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Lesson 7: Internet of Things

Table of Contents

  1. IoT Platforms
  2. Adafruit IO
    1. Install Adafruit IO in Arduino IDE
    2. Using Adafruit IO
  3. Let’s make something!
    1. The circuit
    2. The code
    3. Workbench video
  4. Previous lesson

The ESP32 is exciting not just because of its speed, memory, and GPIO capabilities but also because it is truly a modern Internet of Things (IoT) board with Wi-Fi and Bluetooth support. And it’s never been easier to get data off of these Internet-connected devices and into “the cloud” (for better or worse). :)

IoT Platforms

There are a ton of IoT platforms—significantly more than even a few years ago—including Adafruit IO, Blynk, ThingsSpeak, and Losant. See Hackaday and bigmessowires for reviews.

If you don’t want to dev out your own backend or you simply want a platform to rapidly prototype an idea, then these IoT sites are convenient, easy-to-use, flexible, and fairly feature rich. You can get real-time displays of your data, control and interact with this data and Internet-connected devices, connect your projects to web services like Twitter, etc. Many of the IoT platforms also connect with services like IFTTT and/or offer their own event triggering to, for example, email you when an anomaly is detected.

And many of these platforms support both REST APIs—which you’re likely familiar with if you’ve done any web dev—as well as the Message Queuing Telemetry Transport (MQTT) protocol, which is an open standard for lightweight, publish-subscribe networking. See MQTT.

Adafruit IO

For our lesson, we’ll be using, which greatly simplifies interfacing with a cloud backend from the ESP32 and provides a rich array of features. The free tier provides 10 feeds, 5 dashboards, an upload rate limit of 30 data points/minute, 30 day storage, and privacy controls. The paid tier, called Adafruit IO Plus, is $99/year and provides unlimited feeds, unlimited dashboards, 60 data points/minute, and 60 days of storage.

You must register for Adafruit IO on their website. Follow their step-by-step instructions here. If you don’t rate throttle your uploads to a maximum of 1 upload every 2 seconds (30 uploads/minute), you’ll receive this warning and a temporary block from Adafruit IO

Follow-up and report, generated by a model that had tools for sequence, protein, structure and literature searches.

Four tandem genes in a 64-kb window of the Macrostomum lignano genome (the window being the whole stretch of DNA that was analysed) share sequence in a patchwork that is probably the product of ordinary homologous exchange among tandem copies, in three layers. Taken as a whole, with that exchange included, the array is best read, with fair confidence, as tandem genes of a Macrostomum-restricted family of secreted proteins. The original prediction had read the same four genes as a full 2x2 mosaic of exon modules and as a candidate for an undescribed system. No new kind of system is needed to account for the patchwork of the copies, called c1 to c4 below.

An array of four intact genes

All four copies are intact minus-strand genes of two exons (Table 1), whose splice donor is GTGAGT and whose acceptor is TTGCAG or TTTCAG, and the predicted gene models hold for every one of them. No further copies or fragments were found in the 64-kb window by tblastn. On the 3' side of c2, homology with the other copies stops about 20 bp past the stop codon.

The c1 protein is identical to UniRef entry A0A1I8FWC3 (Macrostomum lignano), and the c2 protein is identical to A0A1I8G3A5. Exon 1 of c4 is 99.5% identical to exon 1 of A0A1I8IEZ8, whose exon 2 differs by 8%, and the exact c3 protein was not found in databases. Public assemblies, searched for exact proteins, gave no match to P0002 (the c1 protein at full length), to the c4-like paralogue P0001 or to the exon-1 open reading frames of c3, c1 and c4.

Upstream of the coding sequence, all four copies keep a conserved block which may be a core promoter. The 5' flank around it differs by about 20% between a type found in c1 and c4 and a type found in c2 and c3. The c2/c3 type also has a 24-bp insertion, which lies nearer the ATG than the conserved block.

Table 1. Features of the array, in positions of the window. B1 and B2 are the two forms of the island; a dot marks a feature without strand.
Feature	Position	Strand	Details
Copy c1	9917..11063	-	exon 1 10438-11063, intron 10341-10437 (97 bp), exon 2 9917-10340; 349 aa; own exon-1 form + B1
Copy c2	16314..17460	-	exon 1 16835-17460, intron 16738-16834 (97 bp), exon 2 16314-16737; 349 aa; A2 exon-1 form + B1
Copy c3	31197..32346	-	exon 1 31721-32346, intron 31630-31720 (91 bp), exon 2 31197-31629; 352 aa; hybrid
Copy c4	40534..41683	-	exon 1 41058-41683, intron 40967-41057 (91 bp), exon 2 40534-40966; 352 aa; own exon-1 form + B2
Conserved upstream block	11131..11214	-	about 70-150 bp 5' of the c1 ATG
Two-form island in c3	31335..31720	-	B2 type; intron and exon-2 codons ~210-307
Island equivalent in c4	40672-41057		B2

Screenshot of Adafruit IO warning about throttling uploads

Install Adafruit IO in Arduino IDE

To install the Adafruit IO library for Arduino, open the Arduino IDE and go to Tools -> Library -> Manage Libraries. When the Library Manager opens, search for “Adafruit IO Arduino” and scroll to find the match:

Screenshot of Library Manager showing Adafruit IO Arduino

When asked to install dependencies, click on “Install All”

Screenshot showing "Install All" as option when asked to install dependencies

Using Adafruit IO

Adafruit has published a 7-step guide that covers everything from uploading sensor data and viewing it on a dashboard (took us ~5 minutes to setup) to sending data from Adafruit IO to control an RGB LED or servo motor. You can access these examples (and many more) within the Arduino IDE by going to File -> Examples -> Adafruit IO Arduino:

Screenshot of Arduino IDE showing where to find the Adafruit IO examples

Let’s make something!

We suggest following the Adafruit IO guide to learn all facets of the IoT platform. However, as a start, we created a simple real-time sensor feed based on the Analog Input Adafruit example. Their source code is here or you can access it via File -> Examples -> Adafruit IO Arduino -> adafruitio_08_analog_in.

Because the max upload rate is 30 data points/minute (1 data point every two seconds), we throttle our uploads. If the photoresistor value has changed, we upload at a maximum rate of every two seconds. If the photoresistor value has not changed, we upload at a rate of once every 10 seconds.

The circuit

We have a photoresistor in a voltage divider with a 10k resistor connected to A7 (we can only use ADC1 pins because we’re going to use WiFi). The analog input voltage will increase as the brightness level increases. We drive a PWM output on pin GPIO 21 whose duty cycle is inversely proportional to the light level thereby turning on an LED brighter as the light level decreases.

Circuit diagram and schematic for LED photoresistor circuit with Huzzah32

The code

The code is on github. Note: there are two files. The IotPhotoresistorLed.ino file and the config.h file.

In the config.h file, you must change the following:

// visit if you need to create an account,
// or if you need your Adafruit IO key.
#define IO_USERNAME "your_username"
#define IO_KEY "your_key"

#define WIFI_SSID "your_ssid"
#define WIFI_PASS "your_pass"

And here’s the full IotPhotoresistorLed.ino code:

This source code is on GitHub.

Workbench video

Here’s a brief video demonstration showing a workbench recording paired with a screen recording of Adafruit IO.

Previous lesson

Previous: Capacitive Touch Sensing

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